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Ombudsman slams banks for legalese

By Staff Writer
By Angelique Ruzicka, editor,

The Ombudsman for Banking Services (OBS), Clive Pillay, has slammed the banks for using jargon and legalese in their contracts with consumers adding that they are ‘falling short of Consumer Protection Act stipulations’. Pillay is now urging the banks to review the wording of their contracts with the need for lucidity in mind. 

“We received complaints from consumers who are not sure what they have signed and consequently find themselves in disputes with their banks,” said Pillay. “Consumers sign a loan agreement, for example, when as a result of woolly language and legalese, they think they are signing a vehicle financing agreement.”

Pillay explained that contracts were confusing people and de-motivating them because of their length and the fact that they were drawn up by legal experts. “Writing contracts and forms in plain English would help to reduce the number of complaints of this nature. This has become even more important recently as it is also one of the requirements of Treating Customers Fairly initiative of the Financial Services Board (FSB),” said Pillay. 

OBS complaint report findings
In 2013 the OBS dealt with 4950 complaints tackling issues such as mobile banking, credit cards, ATMs, mortgages and car finance. ATM-related complaints dominated the caseload with more than 1,800 complaints compared to 1,100 in the previous year, which accounted for 23% of all complaints. 

Over 1,900 cases were found in favour of the consumer which meant the recovery of R16 million from the banks. Among these were 72 debit order issues, dealing particularly with unauthorised debits, 38 (53%) of which went the way of the complainant.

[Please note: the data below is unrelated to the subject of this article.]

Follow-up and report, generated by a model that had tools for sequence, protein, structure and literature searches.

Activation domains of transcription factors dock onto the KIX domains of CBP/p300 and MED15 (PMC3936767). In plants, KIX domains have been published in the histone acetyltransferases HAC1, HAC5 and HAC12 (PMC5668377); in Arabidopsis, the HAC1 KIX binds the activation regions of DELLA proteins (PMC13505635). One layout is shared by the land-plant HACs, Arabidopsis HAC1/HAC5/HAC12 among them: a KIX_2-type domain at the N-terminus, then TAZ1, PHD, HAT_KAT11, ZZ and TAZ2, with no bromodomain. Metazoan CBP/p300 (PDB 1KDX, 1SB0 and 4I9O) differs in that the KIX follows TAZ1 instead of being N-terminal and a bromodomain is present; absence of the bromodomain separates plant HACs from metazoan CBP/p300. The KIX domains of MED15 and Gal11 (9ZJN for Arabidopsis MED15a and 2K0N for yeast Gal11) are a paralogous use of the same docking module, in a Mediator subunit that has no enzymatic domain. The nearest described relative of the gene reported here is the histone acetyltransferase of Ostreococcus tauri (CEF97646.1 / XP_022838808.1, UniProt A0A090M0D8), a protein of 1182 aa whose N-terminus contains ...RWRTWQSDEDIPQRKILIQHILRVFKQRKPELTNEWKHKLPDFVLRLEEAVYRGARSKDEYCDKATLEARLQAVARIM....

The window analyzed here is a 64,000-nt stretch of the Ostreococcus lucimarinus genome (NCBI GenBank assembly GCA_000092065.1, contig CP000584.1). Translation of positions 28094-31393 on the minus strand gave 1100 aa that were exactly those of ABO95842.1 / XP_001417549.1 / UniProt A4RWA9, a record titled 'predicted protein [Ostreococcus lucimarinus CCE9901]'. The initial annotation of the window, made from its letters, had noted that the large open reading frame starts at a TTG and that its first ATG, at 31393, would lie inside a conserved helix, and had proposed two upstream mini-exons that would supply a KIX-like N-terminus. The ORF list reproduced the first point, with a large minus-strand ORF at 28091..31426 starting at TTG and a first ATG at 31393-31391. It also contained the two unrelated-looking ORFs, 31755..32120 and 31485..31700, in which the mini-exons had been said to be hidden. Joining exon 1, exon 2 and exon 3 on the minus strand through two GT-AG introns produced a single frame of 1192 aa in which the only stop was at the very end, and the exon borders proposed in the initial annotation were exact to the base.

For 2013, the OBS investigated around 200 more internet banking complaints than in 2012. But as banks have been increasing their electronic banking security measures criminals are returning to the ‘easier pickings’ of automatic tellers.

Criminals use several underhand tactics such as removing toll free reporting numbers from machines to delay victims’ alerts to the banks. However, the majority of ATM cases were as a result of consumers compromising their personal details resulting in a greater number of findings for the banks.

Pillay added that cell phone banking scams have increased from 19% to 46%, totalling 330 cases. Scams occurred mostly when phones were lost or stolen if consumers answered and liaised with those that sent fraudulent texts. Pillay explained that most fraudsters tried to lure consumers with promises of prizes and getaway trips. 

Banks need to strengthen security
Chairperson of the OBS, Advocate John Myburgh, highlighted that banks need to improve their security measures to remain one step ahead of criminals.

“Bank information technology specialists need to work with mobile application developers and wireless network service providers to address the challenges associated with security of financial transactions and transmission of financial information  electronically and continually update systems to counter new threats,” he wrote in his report. 

Pillay stressed that consumers must take responsibility for their actions as well. “A consumer is not resolved of responsibility and they are expected to be diligent. It’s a two way street.”

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